This feature was originally published in Watkins Mind Body Spirit magazine, Winter 2021 (issue 64).
by Will Johnson
Imagine for a moment a substance capable of elevating you to the highest dimensions of consciousness. Not only is it free, legal, and completely natural, it’s available to you every moment of your life. Once you knew about it, wouldn’t you want to consume it immediately without any hesitation?
The good news is that I’m not talking science fiction. Such a substance very much exists: it’s the oxygen in the air we breathe.
“But,” you say, “breath is with us all our lives. How come I’m not experiencing the transformation you’re suggesting is possible?”
“Yes,” I answer, “breath is our constant companion through life. The problem is not one of availability, but of how you take breath into your body. We all breathe but we rarely ever breathe in such a way that it can work its magic.”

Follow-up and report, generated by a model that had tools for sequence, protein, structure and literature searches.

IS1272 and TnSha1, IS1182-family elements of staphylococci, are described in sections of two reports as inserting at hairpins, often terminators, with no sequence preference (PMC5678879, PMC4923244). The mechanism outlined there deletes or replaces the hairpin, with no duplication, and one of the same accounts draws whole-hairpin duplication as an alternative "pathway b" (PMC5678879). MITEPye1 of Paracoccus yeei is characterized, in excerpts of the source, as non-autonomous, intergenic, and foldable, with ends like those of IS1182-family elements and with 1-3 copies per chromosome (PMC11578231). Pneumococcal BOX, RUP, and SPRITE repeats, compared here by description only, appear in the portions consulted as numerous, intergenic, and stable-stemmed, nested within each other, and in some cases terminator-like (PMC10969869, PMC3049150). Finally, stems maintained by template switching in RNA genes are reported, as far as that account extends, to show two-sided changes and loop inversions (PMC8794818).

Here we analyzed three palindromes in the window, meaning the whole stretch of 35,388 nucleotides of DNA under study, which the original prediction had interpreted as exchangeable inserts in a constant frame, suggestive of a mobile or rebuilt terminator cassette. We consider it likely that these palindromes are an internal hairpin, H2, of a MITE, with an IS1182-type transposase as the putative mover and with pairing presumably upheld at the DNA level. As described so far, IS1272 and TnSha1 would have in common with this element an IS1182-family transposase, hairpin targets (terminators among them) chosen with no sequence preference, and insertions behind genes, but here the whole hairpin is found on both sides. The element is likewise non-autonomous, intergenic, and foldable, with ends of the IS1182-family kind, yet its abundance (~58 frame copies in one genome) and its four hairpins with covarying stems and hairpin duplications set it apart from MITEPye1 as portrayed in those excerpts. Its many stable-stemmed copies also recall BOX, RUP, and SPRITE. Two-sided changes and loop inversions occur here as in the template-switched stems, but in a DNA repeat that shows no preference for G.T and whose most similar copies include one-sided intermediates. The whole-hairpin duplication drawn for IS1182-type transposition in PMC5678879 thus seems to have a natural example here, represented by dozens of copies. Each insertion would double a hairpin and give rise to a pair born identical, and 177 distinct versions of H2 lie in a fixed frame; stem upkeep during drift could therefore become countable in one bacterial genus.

The quality of consciousness that passes as normal in the world at large—a consciousness that is often lost in thought and out of touch with felt presence, that primarily conceives of itself as an entity named “I” eternally separated from everything it perceives to exist outside the physical boundary of the body—depends on the suppression of breath. We take in enough oxygen to keep our bodies alive, but we hold back from opening to a breath so full and relaxed that we’re transported beyond our conventional self into an altogether natural higher realm of being, perception, consciousness.